The City of Greater Shepparton could soon own Victoria Lake Caravan Park, with council making moves to buy the site.
Greater Shepparton City Council is recommending councillors tonight vote to pull the trigger to buy the site, valued five years ago at about $600000.
A background report said the site needed significant money spent on it for it to become a four-star caravan park to support its soon-to-be neighbour — the new Shepparton Art Museum.
If bought, the council would look into finding a long-term leaseholder to operate the park, with the hope they could spend a substantial amount on infrastructure at the park.
The proposal comes after council had tried to secure a long-term leaseholder, but struggled, with little interest shown.
Council attributed this to a long-term lease arrangement on the land capped at about 20 years.
The council had expressed interest in a 40-year lease arrangement for the site, but had been rebuffed.
‘‘Council has tried to get approval to lease the caravan park for greater than 21 years, but this has failed,’’ a background report read.
‘‘Council has now decided to look at purchasing the caravan park from the Department of Environment Land Water and Planning.
‘‘If this were to be successful, council could consider the long-term options for the park, including offering a long-term lease to a party to operate the park and spend a substantial amount of money on infrastructure at the park,’’ the report continued.
Officers have recommended councillors vote to notify DELWP of the council’s intention to buy the park and publicly advertise for a long-term management contract for a five-year period, starting next year.
According to council, the process could take up to five years to complete and would require council to enter into a management contract for that period.
It would also mean council needed to budget for the sale.
While the asset was valued at $600000 about five years ago, it is not known if the estimation factored in a ‘‘public use’’ restriction that would be applied to the land.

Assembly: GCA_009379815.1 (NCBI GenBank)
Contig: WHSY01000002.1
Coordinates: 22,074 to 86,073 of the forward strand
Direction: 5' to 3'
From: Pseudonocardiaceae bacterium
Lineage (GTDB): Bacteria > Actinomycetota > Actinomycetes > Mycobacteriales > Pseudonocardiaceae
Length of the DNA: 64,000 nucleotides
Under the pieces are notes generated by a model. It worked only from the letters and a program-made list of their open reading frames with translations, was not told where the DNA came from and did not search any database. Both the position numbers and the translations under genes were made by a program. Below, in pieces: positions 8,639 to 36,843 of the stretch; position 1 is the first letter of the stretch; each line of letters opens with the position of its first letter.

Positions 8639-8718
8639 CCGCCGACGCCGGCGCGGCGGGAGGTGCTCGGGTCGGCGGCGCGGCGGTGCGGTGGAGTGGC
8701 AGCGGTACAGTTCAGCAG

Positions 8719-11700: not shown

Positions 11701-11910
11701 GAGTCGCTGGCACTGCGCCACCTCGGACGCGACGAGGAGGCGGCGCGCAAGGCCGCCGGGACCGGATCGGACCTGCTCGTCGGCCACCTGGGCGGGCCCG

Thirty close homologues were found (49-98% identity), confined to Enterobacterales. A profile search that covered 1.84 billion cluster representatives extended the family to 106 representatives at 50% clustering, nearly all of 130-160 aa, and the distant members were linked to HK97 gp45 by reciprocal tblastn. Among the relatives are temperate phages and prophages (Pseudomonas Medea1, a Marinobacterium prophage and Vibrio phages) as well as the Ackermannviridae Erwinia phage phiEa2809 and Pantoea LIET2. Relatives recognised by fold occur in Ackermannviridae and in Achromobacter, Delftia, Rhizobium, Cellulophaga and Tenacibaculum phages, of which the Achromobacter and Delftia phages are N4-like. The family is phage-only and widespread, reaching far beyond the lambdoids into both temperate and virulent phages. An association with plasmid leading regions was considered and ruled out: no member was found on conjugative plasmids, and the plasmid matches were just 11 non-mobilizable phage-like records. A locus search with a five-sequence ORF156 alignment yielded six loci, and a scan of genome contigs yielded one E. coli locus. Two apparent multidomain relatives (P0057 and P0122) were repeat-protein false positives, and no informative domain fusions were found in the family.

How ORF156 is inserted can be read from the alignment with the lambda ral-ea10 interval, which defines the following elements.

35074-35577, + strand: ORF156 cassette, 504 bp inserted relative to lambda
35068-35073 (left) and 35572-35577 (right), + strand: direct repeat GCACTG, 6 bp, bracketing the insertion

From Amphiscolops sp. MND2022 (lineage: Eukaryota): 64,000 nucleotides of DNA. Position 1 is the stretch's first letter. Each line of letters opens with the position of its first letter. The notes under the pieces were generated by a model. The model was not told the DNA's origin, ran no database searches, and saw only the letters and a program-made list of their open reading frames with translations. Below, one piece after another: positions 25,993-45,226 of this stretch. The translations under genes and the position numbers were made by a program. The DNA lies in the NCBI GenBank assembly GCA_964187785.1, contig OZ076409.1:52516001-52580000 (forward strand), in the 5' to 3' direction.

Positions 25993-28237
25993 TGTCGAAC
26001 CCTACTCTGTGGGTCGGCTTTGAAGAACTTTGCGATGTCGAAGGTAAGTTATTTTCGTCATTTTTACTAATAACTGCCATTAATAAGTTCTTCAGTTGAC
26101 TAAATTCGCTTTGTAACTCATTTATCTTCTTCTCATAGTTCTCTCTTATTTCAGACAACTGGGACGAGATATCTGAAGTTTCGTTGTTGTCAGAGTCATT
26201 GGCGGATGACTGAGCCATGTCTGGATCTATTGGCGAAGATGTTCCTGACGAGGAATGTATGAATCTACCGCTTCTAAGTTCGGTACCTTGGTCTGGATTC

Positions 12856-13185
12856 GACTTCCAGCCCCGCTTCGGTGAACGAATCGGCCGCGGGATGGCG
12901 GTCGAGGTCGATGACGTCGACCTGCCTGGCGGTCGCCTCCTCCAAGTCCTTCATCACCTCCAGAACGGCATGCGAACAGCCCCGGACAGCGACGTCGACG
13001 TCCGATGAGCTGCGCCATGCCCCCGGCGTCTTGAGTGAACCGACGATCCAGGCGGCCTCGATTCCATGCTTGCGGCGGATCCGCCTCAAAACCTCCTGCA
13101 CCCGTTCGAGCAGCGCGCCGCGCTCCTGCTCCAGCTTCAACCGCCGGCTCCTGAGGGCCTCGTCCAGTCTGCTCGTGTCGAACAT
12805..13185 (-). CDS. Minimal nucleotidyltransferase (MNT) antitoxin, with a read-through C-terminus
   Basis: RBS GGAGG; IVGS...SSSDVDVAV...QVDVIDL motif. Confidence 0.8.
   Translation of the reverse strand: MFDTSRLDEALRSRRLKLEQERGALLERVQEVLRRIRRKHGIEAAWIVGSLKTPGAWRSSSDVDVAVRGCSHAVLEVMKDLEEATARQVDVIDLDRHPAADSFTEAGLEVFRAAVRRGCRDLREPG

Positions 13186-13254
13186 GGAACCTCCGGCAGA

The report details when land is sold to a council, it has the option of buying land for public purposes, which restricts land use for public use, which could substantially reduce the price.
‘‘Council has had initial discussions with DELWP regarding this option and DELWP is more than supportive of this option,’’ the report said.
If the sale goes through, the council would start to budget for it in about five years’ time, but would depend on how much DELWP valued the land at.
Council officers are confident ‘‘appropriate consultation’’ has been done on the matter and was ready for a council decision.
Last month, a $337000 lump-sum contract was awarded to Australian Tourist Park Management for management services at the caravan park for another year.
Mayor Kim O’Keeffe said the extension was buying some time while long-term decisions were made.
She had argued the site was in need of improvement and investment to be able to do that, but said the council did not immediately have space in its budget to oversee the works needed.
Chief executive Peter Harriott last year said the market had told the council a 21-year lease was insufficient and a 40-year lease was desired.
Cr O’Keeffe had previously described the capped lease arrangement for the site as ‘‘a roadblock’’.